Are you familiar with CKD? This abbreviation is celebrating its 70th anniversary at Volkswagen. At other manufacturers, it also stands for ‘Completely Knocked Down’ production. For this purpose, new cars are produced on a normal assembly line and then disassembled into various subassemblies. This is mainly done for countries with high import duties on cars. At the same time, customs duties on individual parts and components are usually much lower, making it worthwhile to set up a small local production shop where the components are turned into complete vehicles. The situation is similar in countries with relatively low sales, where full-scale production wouldn’t be worthwhile.
1.7 million cubic meters per year
Volkswagen began using the CKD process in 1950 to open up new markets for the Type 1, better known as the ‘Beetle’. Today, the same process is used to ensure worldwide supplies to the various production sites. To date, the Wolfsburg-based manufacturer has exported around 200 million vehicles as CKD kits. The corresponding orders arrive at the headquarters in Wolfsburg. Supply management there then takes care of the corresponding vehicle parts at the European VW plants and suppliers, which are bundled at eight distribution centers and packed into overseas containers. These are then shipped by ship, rail or air to the respective assembly halls on site in the countries of destination. The eight distribution points are located in Wolfsburg, Salzgitter, Kassel, Duisburg, Emden, Fallersleben, Wilhelmshaven and Martorell (Spain). Together, they handle 1.7 million cubic meters of goods and around 25,000 containers a year.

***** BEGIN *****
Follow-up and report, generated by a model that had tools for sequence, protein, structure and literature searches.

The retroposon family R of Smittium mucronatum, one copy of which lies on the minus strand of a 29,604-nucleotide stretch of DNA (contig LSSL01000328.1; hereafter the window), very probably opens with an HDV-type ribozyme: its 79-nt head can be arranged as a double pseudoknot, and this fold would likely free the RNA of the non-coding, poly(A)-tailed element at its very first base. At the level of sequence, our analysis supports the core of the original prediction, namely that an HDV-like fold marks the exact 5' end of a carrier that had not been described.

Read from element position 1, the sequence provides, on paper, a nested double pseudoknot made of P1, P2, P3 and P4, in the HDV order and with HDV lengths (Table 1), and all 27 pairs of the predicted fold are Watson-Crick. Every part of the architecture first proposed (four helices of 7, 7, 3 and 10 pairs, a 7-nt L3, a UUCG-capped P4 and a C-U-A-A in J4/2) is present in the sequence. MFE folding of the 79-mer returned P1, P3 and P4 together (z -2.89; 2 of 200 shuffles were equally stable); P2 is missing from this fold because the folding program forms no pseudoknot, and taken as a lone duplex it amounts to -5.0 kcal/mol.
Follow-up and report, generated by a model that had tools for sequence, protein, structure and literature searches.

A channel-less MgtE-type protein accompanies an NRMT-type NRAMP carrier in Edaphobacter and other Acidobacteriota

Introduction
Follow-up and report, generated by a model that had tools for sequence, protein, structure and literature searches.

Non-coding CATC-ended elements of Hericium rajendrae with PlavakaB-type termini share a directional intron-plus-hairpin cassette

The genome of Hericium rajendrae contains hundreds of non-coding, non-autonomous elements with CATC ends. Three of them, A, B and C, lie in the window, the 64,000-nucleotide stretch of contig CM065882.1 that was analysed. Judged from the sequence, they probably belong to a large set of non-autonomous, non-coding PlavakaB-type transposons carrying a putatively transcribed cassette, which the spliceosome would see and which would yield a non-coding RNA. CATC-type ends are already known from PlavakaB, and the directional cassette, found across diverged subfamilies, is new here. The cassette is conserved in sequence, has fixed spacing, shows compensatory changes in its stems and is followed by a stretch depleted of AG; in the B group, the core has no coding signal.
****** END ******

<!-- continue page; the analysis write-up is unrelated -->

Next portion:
It takes around eight weeks from receipt of the order to arrival of the parts in the respective country. Worldwide, around 90 different models are made from European CKD kits at the VW Group’s 27 overseas production sites in ten countries. For example, Polo right-hand drive models are now made exclusively in South Africa from CKD components. VW also has the Tiguan manufactured in this way in Mexico and Russia. In addition, there are corresponding production sites in India, Indonesia, Malaysia, Argentina, Brazil, China and the USA.
From the wooden box to robot technology
Initially, the first Type 1 ‘Beetles’ were produced in Ireland from 1950. South Africa, Argentina, Brazil and Mexico followed shortly thereafter. At that time, the employees still packed the parts by hand in specially manufactured wooden crates from the company’s own carpentry shop. In the meantime, modern technology has also found its way into this area. Robots with special manual attachments grip the components and thus relieve the employees. In addition, the bots are able to use artificial intelligence to evaluate e-mails from suppliers. If they report, for example, that a batch of components will arrive in several partial deliveries, the bots automatically store this in the SAP system of production control. This also changed the job of the employees on site from “box maker” to “data logistician”.